Selly Manor

Selly Manor is a timber framed building in Bournville, that was moved to its current site in 1916 by chocolate manufacturer and philanthropist George Cadbury[1]

Selly Manor with medieval hall of Minworth Greaves to the left rear of the picture.

Together with the adjacent Minworth Greaves, it is operated as Selly Manor Museum by Bournville Village Trust as a heritage site, community museum and as a venue for functions including weddings, for which it is licensed.[2] The museum is open all year and stages regular events. It houses the Laurence Cadbury furniture Collection of early furniture and domestic objects which date from 1500 - 1900.[3]


Over its 500 year history this building has had several names as well as two locations. The earliest records for the house date from 1476. At that time it was called Smythes Tenement and was on land belonging to William Jenette, lord of the sub-manor of Selly. William Jenette leased Smythes Tenement to a local farmer, John Othe’field (John of the field).  

The Crooke Hall table on display at Selly Manor Museum. The carving states 'an arelome to this house forever'.

In 1561, attorney and bailiff John Setterford, his wife Phylis, and her son William Pritchett  leased the house. This family is significant as they prospered and bought the house. Phylis Setterford outlived her husband, and when she died in 1608, an inventory of the contents was made, which details the layout of the building as well as every item in it. From this, it is evident that at that time, the middle section of the building was a medieval hall. Hearth tax returns show that this section was replaced by 1664 with the three storey brick section that is now in place. The house was owned and occupied by Phylis Setterford’s descendants until 1699. After this date, a succession of absentee landlords failed to invest in the building and its status declined. The house became unfashionable, and its status fell further in 1795 when the house was sold separately to the land that went with it.[4]  

Selly Manor in Bournville, Birmingham.

The condition of Smythes Tenement continued to decline and by 1853 it had been split into three cottages to be leased, and was known as The Rookery. The census records show that by 1861, ten members of the Davis family lived in the smallest end cottage, the middle cottage was occupied by four members of the Thompson family, and the remaining cottage was home to seven members of the Williams family. The house deteriorated further still and following the death of its owner Edward Olivieri, the Rookery was put up for sale by auction in 1907.


The building was in a poor state of repair when its destruction was prevented by George Cadbury, who acquired it in 1907[5] with the intention that it would be a museum to complement the other public buildings he had built in the garden village of Bournville, alongside the Cadbury chocolate factory. In a letter to his son, Laurence wrote ‘These old buildings are educational and especially needed for a new town like Birmingham; a vast majority of people never think of bygone times.’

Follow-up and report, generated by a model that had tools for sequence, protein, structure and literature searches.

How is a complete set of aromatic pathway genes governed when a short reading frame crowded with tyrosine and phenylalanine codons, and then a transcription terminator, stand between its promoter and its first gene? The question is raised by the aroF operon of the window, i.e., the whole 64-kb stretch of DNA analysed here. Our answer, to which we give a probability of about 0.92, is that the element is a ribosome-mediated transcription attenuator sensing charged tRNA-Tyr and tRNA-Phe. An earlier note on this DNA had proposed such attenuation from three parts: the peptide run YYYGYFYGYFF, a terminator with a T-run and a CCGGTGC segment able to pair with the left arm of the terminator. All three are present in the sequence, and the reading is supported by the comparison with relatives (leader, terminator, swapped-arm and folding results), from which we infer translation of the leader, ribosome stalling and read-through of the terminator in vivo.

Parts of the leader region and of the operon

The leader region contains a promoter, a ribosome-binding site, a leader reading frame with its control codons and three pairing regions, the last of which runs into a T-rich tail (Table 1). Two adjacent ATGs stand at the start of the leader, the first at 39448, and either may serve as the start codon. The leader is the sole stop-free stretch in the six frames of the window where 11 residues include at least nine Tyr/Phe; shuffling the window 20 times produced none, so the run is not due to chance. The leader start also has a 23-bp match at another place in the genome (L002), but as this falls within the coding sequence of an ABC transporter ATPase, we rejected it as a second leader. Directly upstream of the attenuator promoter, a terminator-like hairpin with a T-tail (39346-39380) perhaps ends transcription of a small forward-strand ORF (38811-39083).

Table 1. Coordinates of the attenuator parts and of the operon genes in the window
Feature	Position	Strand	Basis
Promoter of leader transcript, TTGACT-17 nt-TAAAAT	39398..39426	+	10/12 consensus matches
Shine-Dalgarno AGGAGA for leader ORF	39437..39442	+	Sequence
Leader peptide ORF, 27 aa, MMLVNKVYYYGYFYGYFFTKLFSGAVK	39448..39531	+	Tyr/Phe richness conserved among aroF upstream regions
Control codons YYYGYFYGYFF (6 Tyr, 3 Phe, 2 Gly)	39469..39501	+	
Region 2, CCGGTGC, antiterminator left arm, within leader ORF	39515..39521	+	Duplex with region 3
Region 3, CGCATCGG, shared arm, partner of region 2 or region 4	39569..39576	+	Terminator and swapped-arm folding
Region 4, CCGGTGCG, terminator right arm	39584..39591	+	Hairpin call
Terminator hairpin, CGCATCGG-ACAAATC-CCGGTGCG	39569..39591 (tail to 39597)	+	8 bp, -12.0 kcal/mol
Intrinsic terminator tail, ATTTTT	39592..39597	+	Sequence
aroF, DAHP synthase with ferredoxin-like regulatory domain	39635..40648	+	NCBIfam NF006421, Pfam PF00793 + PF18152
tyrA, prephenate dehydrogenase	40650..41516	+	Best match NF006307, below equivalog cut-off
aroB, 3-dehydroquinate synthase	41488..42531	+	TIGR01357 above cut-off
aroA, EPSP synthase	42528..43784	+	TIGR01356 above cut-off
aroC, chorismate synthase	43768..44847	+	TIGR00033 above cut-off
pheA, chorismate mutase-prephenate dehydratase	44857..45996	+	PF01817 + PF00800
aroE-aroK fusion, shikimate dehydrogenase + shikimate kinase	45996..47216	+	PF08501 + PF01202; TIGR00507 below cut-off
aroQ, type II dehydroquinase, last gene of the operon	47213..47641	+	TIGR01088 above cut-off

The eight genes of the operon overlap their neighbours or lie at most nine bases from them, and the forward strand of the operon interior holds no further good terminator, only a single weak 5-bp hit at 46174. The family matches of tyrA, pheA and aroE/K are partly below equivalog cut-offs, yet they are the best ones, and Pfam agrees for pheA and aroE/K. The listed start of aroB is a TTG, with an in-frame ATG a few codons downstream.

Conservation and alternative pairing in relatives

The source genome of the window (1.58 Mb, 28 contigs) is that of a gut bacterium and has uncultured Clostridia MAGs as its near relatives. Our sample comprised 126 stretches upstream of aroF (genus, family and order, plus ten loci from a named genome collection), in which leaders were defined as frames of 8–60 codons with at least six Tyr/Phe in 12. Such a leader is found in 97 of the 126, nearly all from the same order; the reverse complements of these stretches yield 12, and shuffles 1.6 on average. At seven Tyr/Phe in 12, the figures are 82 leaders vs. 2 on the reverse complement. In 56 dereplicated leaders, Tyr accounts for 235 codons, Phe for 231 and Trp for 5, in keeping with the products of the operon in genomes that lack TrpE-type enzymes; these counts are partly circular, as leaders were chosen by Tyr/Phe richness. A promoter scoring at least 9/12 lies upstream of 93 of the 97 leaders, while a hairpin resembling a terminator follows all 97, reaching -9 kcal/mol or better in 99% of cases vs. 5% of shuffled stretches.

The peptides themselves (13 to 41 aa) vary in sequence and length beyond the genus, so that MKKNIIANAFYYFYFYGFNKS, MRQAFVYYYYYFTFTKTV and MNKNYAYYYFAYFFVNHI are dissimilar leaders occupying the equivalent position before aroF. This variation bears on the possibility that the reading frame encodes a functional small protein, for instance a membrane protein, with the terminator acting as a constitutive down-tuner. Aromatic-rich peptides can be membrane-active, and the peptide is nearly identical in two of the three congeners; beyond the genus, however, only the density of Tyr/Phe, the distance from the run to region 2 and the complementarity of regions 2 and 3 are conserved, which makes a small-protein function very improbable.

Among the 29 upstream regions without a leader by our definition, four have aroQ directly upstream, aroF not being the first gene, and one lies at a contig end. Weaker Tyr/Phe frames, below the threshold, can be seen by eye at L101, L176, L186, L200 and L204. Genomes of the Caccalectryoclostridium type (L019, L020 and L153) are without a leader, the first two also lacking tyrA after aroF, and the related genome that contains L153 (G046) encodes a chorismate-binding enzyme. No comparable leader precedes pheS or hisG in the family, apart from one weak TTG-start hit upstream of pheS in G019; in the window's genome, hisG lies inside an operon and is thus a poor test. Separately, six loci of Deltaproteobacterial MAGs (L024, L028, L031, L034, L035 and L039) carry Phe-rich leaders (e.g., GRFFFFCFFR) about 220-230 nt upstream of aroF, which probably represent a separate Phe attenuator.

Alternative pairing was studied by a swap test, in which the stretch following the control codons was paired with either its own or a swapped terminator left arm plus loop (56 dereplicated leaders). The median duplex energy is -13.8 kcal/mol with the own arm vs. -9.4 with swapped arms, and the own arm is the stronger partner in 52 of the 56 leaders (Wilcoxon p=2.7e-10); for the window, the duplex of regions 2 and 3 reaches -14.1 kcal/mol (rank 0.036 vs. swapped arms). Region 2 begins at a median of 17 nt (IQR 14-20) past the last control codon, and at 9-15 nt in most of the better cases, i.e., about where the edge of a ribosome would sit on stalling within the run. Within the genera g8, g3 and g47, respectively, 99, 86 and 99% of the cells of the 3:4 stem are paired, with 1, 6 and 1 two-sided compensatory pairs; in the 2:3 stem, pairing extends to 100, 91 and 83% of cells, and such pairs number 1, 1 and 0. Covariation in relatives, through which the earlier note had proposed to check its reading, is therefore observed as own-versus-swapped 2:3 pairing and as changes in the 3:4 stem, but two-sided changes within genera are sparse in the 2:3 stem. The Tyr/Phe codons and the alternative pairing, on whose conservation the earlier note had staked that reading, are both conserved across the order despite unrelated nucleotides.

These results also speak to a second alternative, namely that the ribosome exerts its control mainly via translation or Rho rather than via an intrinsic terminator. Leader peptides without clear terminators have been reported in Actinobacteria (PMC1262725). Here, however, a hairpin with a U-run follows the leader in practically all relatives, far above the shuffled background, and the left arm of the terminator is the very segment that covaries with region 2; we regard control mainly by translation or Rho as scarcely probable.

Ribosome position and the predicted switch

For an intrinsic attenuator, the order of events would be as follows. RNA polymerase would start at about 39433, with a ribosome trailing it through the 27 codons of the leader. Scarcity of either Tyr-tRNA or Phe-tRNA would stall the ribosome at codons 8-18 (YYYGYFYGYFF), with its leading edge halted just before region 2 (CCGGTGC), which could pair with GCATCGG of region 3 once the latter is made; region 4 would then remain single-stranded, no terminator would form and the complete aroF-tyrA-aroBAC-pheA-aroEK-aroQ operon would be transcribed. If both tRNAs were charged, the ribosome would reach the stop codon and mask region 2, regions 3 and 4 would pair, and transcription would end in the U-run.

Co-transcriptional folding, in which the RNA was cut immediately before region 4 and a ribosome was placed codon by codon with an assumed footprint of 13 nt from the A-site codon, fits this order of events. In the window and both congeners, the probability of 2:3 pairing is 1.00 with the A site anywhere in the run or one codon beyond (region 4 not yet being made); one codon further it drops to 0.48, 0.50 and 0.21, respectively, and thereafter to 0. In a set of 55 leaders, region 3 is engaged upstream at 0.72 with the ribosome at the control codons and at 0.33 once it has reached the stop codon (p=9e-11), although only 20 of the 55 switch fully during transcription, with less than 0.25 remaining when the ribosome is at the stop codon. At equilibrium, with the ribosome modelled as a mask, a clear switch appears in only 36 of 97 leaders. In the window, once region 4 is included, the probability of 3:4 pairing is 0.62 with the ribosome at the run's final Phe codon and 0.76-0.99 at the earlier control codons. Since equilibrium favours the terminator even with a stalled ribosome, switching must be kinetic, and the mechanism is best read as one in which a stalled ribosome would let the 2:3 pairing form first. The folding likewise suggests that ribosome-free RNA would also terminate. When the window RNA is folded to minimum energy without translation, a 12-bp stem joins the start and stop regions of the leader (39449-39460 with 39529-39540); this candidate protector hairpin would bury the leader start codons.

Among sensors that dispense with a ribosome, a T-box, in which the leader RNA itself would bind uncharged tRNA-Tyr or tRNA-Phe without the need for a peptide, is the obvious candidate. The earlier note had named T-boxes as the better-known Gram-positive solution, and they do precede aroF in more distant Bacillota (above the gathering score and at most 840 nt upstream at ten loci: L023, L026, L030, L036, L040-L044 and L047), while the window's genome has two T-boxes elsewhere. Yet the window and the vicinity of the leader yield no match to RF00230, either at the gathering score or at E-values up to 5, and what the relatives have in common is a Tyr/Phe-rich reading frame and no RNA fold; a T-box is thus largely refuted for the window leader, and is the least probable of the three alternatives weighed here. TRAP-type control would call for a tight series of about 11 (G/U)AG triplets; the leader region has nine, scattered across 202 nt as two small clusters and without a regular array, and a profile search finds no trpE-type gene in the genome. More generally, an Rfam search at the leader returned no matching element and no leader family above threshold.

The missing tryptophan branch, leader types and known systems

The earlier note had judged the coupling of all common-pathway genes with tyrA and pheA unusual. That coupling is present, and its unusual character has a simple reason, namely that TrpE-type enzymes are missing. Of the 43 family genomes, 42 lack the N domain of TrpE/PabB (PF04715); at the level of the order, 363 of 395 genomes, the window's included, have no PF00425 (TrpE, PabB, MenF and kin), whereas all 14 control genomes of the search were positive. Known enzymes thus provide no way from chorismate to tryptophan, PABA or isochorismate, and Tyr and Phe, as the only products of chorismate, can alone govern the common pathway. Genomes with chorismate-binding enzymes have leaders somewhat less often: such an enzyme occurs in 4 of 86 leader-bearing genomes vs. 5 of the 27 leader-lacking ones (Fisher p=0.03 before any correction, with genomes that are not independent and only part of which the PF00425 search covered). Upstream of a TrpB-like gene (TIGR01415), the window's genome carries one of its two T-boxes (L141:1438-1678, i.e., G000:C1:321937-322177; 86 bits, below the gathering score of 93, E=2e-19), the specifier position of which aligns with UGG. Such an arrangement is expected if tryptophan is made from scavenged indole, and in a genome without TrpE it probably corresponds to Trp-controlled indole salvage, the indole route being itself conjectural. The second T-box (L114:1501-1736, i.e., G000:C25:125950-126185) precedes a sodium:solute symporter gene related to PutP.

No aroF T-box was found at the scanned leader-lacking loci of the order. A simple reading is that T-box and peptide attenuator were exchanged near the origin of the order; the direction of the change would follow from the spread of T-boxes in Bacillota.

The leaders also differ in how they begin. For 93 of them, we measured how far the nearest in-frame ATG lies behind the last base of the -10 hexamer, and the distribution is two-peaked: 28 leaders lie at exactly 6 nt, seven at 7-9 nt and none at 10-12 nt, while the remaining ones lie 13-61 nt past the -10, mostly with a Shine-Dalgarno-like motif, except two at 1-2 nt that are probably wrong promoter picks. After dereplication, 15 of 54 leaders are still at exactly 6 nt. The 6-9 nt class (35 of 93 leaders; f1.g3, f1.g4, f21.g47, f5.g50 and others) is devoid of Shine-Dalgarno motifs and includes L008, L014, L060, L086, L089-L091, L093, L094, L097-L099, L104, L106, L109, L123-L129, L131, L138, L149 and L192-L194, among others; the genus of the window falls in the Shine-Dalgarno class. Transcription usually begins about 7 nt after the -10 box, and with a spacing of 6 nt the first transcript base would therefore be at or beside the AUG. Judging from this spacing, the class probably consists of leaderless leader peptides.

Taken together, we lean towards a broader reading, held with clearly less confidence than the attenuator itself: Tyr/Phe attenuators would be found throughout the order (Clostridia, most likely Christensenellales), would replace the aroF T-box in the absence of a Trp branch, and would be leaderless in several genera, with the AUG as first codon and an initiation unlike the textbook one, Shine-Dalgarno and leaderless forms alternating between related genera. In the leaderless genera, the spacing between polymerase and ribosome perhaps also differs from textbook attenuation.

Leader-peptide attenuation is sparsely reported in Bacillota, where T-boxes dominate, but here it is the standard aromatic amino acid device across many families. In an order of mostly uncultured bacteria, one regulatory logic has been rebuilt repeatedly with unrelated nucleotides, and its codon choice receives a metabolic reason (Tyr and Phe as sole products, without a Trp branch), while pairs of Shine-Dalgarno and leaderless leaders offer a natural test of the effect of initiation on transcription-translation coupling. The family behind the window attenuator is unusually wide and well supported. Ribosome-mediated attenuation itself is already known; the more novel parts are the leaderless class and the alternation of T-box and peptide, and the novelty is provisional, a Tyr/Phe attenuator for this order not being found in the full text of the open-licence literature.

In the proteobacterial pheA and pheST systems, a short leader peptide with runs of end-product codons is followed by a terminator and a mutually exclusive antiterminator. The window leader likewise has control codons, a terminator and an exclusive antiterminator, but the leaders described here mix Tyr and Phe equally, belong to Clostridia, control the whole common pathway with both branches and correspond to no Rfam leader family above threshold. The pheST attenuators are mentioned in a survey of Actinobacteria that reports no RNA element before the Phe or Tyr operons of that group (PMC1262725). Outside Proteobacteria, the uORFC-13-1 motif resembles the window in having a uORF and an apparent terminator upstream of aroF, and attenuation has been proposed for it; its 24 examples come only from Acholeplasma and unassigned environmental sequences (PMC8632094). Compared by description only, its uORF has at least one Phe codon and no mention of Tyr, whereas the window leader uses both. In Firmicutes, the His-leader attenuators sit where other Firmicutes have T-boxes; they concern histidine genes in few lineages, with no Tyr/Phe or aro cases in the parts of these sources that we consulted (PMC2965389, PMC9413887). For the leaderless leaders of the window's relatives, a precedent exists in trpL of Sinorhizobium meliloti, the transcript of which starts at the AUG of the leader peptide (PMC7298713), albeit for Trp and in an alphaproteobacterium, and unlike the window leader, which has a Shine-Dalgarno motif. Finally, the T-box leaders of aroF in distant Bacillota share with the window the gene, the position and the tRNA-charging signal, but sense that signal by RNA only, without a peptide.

Contemporary accounts state that the area where The Rookery stood was ‘unlovely’. To give the building a better future, George Cadbury had the building carefully taken down and moved to its current site. The project was managed by architect William Alexander Harvey, who meticulously documented each step. Work began in 1909, and was finally completed in 1916, at a cost of over £6000. The following year, the building opened as a museum.[5] The house was protected with Grade II listed status in 1952.[6]

In 1932, Minworth Greaves, from Minworth, was similarly relocated, in the manor house's grounds.[7]

The Laurence Cadbury CollectionEdit

The museum contains the Laurence Cadbury Collection, a unique collection of furniture and domestic objects intended to give the feel of a house from the 17th century.

Laurence Cadbury was George Cadbury’s fourth son, and the collection at Selly Manor is a testament to his interest in collecting fascinating items. Laurence Cadbury began collecting objects whilst studying at Cambridge in about 1908 and continued well into the mid 1930s.[8] Much of his collection was displayed at his house, The Davids in Northfield, Birmingham, but Selly Manor was a perfect home for the 16th and 17th century furniture and domestic objects he loved so much. From sturdy oak chests and intricate carvings to a beautiful tapestry and unusual utensils, there is so much to appreciate. The highlight of the collection is an 18 foot table dating from the 1630s which was originally from the now demolished Crooke Hall in Lancashire.[9]

A detailed collection catalogue has been produced on the Laurence Cadbury Collection with full descriptions and illustrations.[10]

A collection of Laurence Cadbury's papers, including diaries, letters and maps, are held separately at the Cadbury Research Library, University of Birmingham.[11]


  1. ^ "Our story". Selly Manor. Retrieved 26 April 2019.
  2. ^ "Weddings". Selly Manor Museum. Retrieved 4 September 2013.
  3. ^ "Laurence Cadbury Collection". Selly Manor Museum. Retrieved 4 September 2013.
  4. ^ "Our story". Selly Manor. Retrieved 26 April 2019.
  5. ^ a b "Selly Manor". Selly Manor Museum. Retrieved 4 September 2013.
  6. ^ Historic England. "Selly Manor (1076129)". National Heritage List for England. Retrieved 4 September 2013.
  7. ^ "Minworth Greaves". Selly Manor Museum. Retrieved 4 September 2013.
  8. ^ "Collection & archives". Selly Manor. Retrieved 26 April 2019.
  9. ^ "Collection & archives". Selly Manor. Retrieved 26 April 2019.
  10. ^ Callicott, Daniel. The Laurence Cadbury Collection at Selly Manor. ISBN 9780993213403. OCLC 919893163.
  11. ^ "UoB Calmview5: Search results". Retrieved 29 March 2021.

External linksEdit

  Media related to Selly Manor at Wikimedia Commons